Hartley Magazine

All the latest news, hints, tips and advice from our experts

Hydrangeas are high-value plants for a greenhouse

When thinking of a new plant to grow in a greenhouse, it is easy to be completely overwhelmed by the wide range of choices available.

Far more than any other gardener, greenhouse growers are totally spoilt for choice – and there are many reasons for this.

The fact that a greenhouse grants a degree of control over the climate conditions the plants are exposed to is something of a boon, as a much wider variety of things can be grown. Being able to manipulate climate conditions means things can be grown that are not native to the region – and certain plants can even be nurtured out of their usual season.

However, the hydrangea is one plant that offers value as a cut flower or potted plant – and it is ideal for greenhouse propagation. It can also be referred to as hortensia and is a genus of somewhere between 70 and 75 flowering plants.

It is native to southern and eastern Asia and the Americas, but has long since become much more widely distributed all over the world. It is characterised by shrubs that can be anywhere between one and three meters tall – although some of the plants in the category are technically trees – and some lineas can reach up to 30 meters by climbing up other growths.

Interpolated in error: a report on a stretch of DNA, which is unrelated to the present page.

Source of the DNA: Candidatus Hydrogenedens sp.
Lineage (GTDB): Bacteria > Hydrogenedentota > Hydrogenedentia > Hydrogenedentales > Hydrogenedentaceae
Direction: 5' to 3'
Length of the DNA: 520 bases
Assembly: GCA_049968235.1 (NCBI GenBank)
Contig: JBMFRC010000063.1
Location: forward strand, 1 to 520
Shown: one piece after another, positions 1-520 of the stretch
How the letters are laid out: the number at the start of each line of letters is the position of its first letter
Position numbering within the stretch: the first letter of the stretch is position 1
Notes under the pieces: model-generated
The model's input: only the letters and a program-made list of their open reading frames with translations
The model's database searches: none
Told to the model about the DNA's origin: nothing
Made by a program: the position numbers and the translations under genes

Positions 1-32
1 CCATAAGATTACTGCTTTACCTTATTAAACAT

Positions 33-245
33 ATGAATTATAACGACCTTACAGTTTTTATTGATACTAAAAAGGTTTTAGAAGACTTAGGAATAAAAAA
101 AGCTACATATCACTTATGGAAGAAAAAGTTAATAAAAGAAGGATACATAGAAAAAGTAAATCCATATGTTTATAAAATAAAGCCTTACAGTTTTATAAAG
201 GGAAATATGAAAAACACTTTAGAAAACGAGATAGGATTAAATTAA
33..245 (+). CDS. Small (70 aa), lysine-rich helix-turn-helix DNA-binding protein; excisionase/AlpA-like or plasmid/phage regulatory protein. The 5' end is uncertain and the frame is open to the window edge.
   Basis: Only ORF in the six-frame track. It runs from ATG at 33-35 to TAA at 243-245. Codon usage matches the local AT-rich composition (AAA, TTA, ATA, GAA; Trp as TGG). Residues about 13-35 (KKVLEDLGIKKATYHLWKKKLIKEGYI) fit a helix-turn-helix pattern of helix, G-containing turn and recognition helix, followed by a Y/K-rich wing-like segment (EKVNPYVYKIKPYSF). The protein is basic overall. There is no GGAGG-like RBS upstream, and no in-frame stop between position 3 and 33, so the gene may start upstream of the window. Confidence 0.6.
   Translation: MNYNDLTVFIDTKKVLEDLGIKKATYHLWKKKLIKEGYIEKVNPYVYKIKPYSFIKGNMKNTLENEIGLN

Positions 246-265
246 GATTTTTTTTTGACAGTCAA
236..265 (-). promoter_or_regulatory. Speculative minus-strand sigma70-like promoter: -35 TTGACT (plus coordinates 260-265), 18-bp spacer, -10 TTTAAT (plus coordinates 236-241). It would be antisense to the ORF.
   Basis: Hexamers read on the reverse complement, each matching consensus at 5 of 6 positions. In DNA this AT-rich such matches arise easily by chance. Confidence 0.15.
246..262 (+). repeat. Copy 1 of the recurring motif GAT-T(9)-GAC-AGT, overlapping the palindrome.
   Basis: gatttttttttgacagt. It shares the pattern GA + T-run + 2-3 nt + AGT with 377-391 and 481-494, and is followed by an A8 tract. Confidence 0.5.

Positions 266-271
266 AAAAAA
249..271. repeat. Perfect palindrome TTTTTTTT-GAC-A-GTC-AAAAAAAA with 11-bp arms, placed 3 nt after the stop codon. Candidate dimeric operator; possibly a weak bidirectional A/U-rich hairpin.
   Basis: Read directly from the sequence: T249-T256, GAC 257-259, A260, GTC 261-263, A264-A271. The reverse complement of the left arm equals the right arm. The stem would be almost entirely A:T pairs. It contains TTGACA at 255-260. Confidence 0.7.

The flowers of the hydrangea are produced over the course of a long summer – from early spring to late autumn. They grow in flowerheads at the end of stems – and two types of these can feature in many of the various species.

Juergen Steininger, grower at Longwood Gardens in Kennett Square, Pennsylvania, argued that the hydrangea is underused – particularly as it has a great deal to offer as both a cut flower or potted plant. In an article for Greenhouse Grower, he noted that cut flower hydrangeas frequently stay in containers for several years, unlike the majority of standard pot crops.

The expert underlined the importance of proper water management in order to make the most of hydrangeas. However, he added that the line between the ideal amount of water and too much is a very thin one.

“At best, excessive water will lead to blind stems and flower bud abortion. Drip irrigation is preferred and avoid overhead irrigation,” Mr Steininger suggested, adding: “Keep irrigation zones small to allow custom watering schedules. Make sure your containers are free-draining and have plenty of drainage holes.”

Andy Sturgeon, an acclaimed landscape and garden designer who has been awarded no less than six Gold Medals – as well as Best in Show – at the UK’s prestigious Royal Horticultural Society Chelsea Flower Show, said that hydrangeas are ideal for brightening up a green space.

“Most hydrangeas are essential garden plants as they flower for weeks and weeks and provide plenty of colour when not many other flowering shrubs are up to much,” he stated in an article for UK national newspaper the Guardian.

“If you have a dry soil, planting in a little shade is the best solution,” Mr Sturgeon continued. “Hydrangeas hate being moved, though, so relocating isn’t really an option.”